EMPLOYMENT AND LABOR LAW: LEGAL UPDATE FOR CALIFORNIA EMPLOYERS

December 08th, 2017/By Admin/In Blog, SBSBLOG, Uncategorized

Topics for this Month include:

– Reminders of laws that go into effect on January 1

– “Escalated” Compensation for Employees Returning from Military Leave

– Temporary Layoffs and California WARN Act

– Closely Held Corporation Owners Can be Liable as “Joint Employers”

– And more!

LEGISLATIVE/REGULATORY UPDATE

The new year is rapidly approaching.  Here are a few reminders of changes that go into effect on January 1, 2018:

  • Minimum wage in California increases to $10.50 per hour for employers with 25 or less employees and $11.00 per hour for employers with 26 or more employees.  (This also means the salary threshold for exempt employees will increase to $43,680 for small employers and $45,760 for larger employers.)
  • Employers will no longer be permitted to ask job applicants about their past salary history, and must provide applicants pay scale information upon request.
  • Employers with 5 or more employees will no longer be permitted to ask job applicants about past criminal convictions until after a conditional offer of employment.
  • Employers with 20-49 employees within a 75-mile radius in California will be required to provide employees who meet the CFRA requirements up to 12 weeks of unpaid parental leave within the first year of the birth, adoption or foster placement of a child.
  • New restrictions on immigration enforcement and notice and posting requirements go into effect.
  • Management harassment training will need to include information on gender identity, gender expression and sexual orientation.

Other things to look out for in 2018:

  • H.R.3441 (Save Local Business Act): The House of Representatives passed a bill to amend the FLSA and NLRA to narrowly define a “joint employer” as one who directly, actually, and immediately exercises significant control over the essential terms and conditions of employment. This bill is now pending in the Senate.
  • ICE announced plans to increase its workplace inspections by four or five-fold.  Make sure you have I-9s for all of your employees, and that you are using the most current version (revised July 17, 2017) when completing a new form.
  • OSHA pushed back the deadline to electronically file injury and illness reports (Injury Tracking Application) to December 15, 2017, but there is speculation that this deadline may be extended further.
  • The DOL has extended the transition period to implement the “fiduciary rule” for retirement account advisers to July 1, 2019.

SIGNIFICANT CASE LAW

Employee Returning from Military Leave is Entitled to “Escalated” Compensation

In Huhmann v. Federal Express Corp., the plaintiff was an airline pilot and a member of a collective bargaining unit.  Union members were promised bonuses in certain amounts based on their position if the next collective bargaining agreement was ratified. Before ratification, the plaintiff was called to active duty and deployed for over three years.  Upon his return, the plaintiff returned to his employment at FedEx, and received a bonus in the amount of $4,700.  The plaintiff sued under the Uniformed Services Employment and Reemployment Act (“USERRA”), contending that if he had not gone out on military leave, he would have received a larger bonus of $17,700 because he would have been in a different position at that time.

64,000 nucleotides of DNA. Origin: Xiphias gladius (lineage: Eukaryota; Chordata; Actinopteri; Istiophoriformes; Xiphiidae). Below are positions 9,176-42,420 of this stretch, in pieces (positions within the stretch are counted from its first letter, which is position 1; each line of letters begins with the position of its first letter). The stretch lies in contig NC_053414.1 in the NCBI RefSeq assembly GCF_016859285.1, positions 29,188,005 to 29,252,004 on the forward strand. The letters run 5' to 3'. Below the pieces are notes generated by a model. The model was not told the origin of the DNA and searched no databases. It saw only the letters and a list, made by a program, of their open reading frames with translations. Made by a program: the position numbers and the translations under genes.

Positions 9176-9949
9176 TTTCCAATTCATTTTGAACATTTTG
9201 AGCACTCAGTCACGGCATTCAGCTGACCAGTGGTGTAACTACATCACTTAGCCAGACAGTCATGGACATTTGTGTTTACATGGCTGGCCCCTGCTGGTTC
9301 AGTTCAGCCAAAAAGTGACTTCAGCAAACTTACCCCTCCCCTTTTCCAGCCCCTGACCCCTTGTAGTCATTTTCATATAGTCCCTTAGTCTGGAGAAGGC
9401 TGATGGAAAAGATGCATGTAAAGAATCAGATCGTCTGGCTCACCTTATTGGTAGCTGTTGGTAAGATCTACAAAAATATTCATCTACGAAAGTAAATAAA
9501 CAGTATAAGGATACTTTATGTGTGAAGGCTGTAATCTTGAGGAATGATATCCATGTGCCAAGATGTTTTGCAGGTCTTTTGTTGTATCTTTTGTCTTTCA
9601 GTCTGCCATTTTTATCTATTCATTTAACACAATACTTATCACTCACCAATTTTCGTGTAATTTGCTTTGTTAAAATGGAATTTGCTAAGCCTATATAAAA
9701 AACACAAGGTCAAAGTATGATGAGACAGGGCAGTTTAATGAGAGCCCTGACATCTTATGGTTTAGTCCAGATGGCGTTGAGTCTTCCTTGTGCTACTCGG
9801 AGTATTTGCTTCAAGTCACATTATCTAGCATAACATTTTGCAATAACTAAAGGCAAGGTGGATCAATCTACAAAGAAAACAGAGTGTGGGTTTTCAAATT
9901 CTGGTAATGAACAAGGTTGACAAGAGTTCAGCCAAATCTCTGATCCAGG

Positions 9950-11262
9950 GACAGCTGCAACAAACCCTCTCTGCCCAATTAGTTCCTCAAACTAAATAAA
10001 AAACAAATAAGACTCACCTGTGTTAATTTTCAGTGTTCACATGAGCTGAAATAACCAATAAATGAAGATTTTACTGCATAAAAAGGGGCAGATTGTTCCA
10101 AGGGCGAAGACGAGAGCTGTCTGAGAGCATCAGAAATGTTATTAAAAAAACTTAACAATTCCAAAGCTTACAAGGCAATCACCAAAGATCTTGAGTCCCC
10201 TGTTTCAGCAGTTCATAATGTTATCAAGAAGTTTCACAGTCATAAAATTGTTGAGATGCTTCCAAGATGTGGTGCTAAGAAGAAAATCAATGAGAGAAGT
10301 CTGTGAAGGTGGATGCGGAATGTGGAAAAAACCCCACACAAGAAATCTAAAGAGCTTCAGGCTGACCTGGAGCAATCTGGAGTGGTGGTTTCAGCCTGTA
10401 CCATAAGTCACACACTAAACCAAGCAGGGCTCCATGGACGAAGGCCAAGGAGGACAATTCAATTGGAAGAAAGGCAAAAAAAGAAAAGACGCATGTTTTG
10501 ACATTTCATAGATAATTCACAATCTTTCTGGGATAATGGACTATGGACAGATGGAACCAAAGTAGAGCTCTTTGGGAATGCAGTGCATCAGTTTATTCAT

To determine whether an employer violated USERRA, a court applies the “escalator principle” and the “reasonable certainty test.”  The “escalator principle” provides that a service member should be returned to the position of employment in which the employee would have been employed if the employment had not been interrupted by the military service (i.e., the employee’s “escalator” career trajectory), including benefits.  The “reasonable certainty test” looks at the reasonably certainty of obtaining that level of employment absent the military service.  In this case, the district court found, and the Ninth Circuit agreed, it was reasonably certain that had the plaintiff not been on active duty, he would have been in the position that provided for the greater bonus and, therefore, was entitled to the higher amount.

Temporary Layoffs are Subject to California WARN Act

In The Int’l Brotherhood of Boilermakers, Iron Ship Builders, Blacksmiths, Forgers and Helpers v. NASSCO Holdings Inc., NASSCO temporarily reduced its labor workforce for about 30 days due to a lull in work.  About 90 employees were laid off without advanced notice.  The union sued for violation of the California Worker Adjustment and Retraining Notification (“WARN”) Act.  Under the federal WARN Act, layoffs are defined as being out of work for six months or longer.  However, in analyzing the language of the California WARN Act, the Fourth Appellate District found that a “layoff” is defined as a “separation from the position,” and not necessarily separation from the employment relationship itself, and there is no specified length of time that the separation must last.  Thus, even a temporary work stoppage can trigger California WARN Act notice requirements.